REBEKHA SHARKIE: I would urge the government not to use your numbers in this place, your slim majority in this place, and we all remember what happened in the 45th Parliament, to run a protection racket.
REX PATRICK, CENTRE ALLIANCE SENATOR: She needs to make a statement to the Parliament to spell out exactly what her interactions have been in the past in relation to members of the Chinese Communist Party.
LAURA TINGLE: There is a lot at stake in this story.
Losing an MP would reduce the Morrison majority to just one seat but the passage of foreign interference legislation last year shows the new sensitivity to influence, and particularly Chinese influence, in our politics.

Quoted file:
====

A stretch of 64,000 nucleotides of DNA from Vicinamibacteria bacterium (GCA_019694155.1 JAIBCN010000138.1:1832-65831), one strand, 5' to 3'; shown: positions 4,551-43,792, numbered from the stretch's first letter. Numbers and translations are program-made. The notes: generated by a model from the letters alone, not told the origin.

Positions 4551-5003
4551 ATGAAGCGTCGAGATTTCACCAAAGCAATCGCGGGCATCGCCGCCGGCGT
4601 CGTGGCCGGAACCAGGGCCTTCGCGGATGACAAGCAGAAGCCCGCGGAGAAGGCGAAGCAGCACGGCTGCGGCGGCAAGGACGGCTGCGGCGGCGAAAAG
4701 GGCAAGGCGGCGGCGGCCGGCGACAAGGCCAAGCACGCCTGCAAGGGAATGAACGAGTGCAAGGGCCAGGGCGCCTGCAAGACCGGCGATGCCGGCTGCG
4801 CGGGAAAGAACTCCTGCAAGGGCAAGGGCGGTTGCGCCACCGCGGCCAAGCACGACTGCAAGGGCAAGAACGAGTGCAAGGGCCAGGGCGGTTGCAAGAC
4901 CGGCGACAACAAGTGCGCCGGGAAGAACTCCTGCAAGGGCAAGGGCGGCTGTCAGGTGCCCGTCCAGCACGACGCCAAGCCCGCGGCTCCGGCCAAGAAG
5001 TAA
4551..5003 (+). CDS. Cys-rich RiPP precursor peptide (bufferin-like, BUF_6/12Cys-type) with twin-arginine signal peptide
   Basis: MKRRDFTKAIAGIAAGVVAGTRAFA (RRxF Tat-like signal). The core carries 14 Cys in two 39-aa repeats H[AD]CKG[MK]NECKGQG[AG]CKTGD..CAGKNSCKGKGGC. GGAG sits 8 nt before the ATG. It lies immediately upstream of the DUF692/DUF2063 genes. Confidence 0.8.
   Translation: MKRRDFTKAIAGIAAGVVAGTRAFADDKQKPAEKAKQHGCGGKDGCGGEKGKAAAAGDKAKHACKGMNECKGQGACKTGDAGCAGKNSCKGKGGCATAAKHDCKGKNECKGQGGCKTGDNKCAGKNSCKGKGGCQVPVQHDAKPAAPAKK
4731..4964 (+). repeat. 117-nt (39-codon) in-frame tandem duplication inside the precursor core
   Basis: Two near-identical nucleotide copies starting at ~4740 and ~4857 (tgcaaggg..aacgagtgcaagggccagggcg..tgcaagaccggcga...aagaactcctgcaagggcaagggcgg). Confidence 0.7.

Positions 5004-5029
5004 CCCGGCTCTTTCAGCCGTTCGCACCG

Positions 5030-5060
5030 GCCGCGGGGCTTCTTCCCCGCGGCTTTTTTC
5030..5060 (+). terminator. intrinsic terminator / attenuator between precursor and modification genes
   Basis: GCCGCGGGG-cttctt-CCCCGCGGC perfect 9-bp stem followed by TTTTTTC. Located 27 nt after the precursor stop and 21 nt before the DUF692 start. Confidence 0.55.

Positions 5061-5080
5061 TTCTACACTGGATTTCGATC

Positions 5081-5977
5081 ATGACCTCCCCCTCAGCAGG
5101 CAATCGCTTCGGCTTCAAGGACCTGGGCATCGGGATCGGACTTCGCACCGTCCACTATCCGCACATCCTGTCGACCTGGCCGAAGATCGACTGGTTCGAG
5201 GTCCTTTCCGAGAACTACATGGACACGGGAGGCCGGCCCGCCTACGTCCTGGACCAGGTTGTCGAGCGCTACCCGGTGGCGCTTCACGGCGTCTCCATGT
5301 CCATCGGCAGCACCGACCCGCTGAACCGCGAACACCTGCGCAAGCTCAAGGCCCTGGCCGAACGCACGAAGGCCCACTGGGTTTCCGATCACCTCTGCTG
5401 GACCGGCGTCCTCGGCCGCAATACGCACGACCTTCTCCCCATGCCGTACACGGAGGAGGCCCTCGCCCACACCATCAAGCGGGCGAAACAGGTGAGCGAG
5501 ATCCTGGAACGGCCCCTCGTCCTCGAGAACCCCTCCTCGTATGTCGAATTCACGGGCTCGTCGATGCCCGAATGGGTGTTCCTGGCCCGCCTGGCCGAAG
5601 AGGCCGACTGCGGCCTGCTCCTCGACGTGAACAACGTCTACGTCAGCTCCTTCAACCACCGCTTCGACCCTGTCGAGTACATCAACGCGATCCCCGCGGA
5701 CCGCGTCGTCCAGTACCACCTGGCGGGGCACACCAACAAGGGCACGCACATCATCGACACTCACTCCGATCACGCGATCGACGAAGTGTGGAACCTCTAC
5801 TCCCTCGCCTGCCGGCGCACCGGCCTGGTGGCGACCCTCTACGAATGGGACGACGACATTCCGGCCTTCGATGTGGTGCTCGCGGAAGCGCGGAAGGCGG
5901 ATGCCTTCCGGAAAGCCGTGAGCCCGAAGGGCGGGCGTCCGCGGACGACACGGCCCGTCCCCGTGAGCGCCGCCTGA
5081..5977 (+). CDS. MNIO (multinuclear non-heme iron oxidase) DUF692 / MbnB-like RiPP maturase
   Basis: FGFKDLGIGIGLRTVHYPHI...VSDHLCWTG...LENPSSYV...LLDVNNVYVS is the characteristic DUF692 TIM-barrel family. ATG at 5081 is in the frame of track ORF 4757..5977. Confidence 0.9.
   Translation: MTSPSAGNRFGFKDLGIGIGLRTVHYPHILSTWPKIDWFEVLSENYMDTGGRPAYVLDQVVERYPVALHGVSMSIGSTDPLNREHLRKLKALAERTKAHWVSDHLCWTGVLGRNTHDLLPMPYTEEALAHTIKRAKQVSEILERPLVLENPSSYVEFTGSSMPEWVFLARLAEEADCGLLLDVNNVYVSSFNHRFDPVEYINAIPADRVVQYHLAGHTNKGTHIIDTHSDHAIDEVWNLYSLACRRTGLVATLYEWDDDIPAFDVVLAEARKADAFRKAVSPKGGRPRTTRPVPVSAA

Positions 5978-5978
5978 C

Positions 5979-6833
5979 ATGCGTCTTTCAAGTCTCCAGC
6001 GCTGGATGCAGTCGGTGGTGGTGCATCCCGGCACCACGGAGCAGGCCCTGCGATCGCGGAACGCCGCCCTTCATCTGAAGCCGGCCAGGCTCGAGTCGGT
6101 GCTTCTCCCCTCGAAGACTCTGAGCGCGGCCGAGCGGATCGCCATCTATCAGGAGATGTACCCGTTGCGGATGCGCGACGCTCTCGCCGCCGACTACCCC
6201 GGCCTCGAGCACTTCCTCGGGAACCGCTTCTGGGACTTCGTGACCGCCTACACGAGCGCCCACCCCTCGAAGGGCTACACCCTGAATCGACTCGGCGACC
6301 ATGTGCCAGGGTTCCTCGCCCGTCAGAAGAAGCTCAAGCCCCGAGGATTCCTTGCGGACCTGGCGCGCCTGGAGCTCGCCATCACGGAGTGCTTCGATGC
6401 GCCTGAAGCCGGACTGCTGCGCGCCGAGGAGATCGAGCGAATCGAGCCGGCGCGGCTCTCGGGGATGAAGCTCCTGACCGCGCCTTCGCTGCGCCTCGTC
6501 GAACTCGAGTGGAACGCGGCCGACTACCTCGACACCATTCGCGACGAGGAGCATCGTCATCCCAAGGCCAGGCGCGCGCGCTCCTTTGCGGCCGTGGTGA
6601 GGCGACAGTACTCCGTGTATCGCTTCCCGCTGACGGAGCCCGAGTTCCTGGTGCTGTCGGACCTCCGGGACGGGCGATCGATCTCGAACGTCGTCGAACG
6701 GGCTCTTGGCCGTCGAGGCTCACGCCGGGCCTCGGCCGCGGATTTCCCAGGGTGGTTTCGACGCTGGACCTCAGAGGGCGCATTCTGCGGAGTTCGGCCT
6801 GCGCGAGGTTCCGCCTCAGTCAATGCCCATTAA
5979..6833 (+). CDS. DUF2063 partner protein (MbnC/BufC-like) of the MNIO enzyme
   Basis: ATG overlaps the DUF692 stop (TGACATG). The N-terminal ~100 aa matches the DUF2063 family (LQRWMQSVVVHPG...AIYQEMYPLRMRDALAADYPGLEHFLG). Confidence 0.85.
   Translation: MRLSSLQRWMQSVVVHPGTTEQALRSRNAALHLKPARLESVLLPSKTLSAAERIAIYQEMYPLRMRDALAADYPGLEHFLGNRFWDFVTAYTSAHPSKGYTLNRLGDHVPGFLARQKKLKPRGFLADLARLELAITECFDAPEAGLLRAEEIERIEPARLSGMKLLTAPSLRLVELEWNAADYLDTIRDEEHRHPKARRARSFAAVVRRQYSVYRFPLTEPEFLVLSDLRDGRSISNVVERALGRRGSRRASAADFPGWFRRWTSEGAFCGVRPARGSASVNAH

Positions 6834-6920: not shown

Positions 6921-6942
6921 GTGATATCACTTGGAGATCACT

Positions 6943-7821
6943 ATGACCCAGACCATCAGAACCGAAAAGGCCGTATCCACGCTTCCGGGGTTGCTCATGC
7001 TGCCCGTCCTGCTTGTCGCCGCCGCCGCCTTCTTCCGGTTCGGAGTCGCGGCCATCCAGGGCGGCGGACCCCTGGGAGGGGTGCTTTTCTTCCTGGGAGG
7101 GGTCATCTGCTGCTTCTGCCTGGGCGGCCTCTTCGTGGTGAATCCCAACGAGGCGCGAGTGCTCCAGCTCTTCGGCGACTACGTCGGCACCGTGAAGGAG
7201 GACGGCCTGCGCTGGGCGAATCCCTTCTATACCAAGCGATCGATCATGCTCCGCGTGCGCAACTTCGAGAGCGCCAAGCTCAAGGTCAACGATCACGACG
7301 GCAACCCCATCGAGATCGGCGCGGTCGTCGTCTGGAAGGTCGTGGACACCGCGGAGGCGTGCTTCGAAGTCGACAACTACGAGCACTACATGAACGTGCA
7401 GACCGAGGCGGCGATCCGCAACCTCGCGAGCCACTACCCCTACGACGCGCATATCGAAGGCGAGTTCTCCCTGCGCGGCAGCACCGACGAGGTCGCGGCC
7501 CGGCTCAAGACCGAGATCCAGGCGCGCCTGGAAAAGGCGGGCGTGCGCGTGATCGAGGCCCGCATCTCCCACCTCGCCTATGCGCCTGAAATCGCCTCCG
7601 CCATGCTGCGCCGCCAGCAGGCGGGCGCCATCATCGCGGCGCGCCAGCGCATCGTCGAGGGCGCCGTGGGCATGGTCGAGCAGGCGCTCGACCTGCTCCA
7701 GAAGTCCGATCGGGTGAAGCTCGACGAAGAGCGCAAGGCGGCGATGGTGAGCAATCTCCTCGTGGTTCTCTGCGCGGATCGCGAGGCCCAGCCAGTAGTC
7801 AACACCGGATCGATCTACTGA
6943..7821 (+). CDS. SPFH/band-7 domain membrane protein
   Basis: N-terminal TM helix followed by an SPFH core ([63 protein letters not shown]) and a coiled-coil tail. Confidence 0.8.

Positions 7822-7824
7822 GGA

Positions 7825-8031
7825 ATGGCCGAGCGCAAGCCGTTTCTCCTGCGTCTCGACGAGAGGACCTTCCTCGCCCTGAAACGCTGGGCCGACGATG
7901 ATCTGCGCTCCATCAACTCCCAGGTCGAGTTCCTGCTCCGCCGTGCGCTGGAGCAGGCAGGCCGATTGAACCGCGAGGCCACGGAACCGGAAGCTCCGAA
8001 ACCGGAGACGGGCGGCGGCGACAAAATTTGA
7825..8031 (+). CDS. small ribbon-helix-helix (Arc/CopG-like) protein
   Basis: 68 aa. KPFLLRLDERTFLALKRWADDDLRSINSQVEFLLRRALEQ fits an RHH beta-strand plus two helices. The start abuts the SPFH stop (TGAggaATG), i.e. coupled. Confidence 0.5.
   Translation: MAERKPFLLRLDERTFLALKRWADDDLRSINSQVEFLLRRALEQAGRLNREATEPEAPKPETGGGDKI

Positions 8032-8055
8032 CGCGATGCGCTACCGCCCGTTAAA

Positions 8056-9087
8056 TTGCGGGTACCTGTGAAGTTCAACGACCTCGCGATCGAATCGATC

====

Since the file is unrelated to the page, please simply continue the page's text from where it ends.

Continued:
DUNCAN LEWIS, OUTGOING ASIO CHIEF: Covert attempts to influence and shape the views of the public, of the media, the government, and the diaspora communities, both within Australia and overseas, is now with us every day.*
LAURA TINGLE: The great irony is that while even junior staffers need to pass security clearances, politicians themselves do not. *
Rex Patrick has argued this should change.
REX PATRICK: The Government was supposed to set up a scheme, a parliamentary Foreign Interference Transparency Scheme, but dropped the ball when the election occurred.*
LAURA TINGLE: The Government does have some other options to address the concerns raised by the Liu case.
Requiring MPs and senators to declare links to foreign organisations in their register of interests is one of them.
7.30 understands this was discussed last year in the context of the foreign interference legislation but not pursued.*
That may well change now, as the Government seeks to close down a controversy that has diverted Parliament this week from the Prime Minister’s plan for stable government.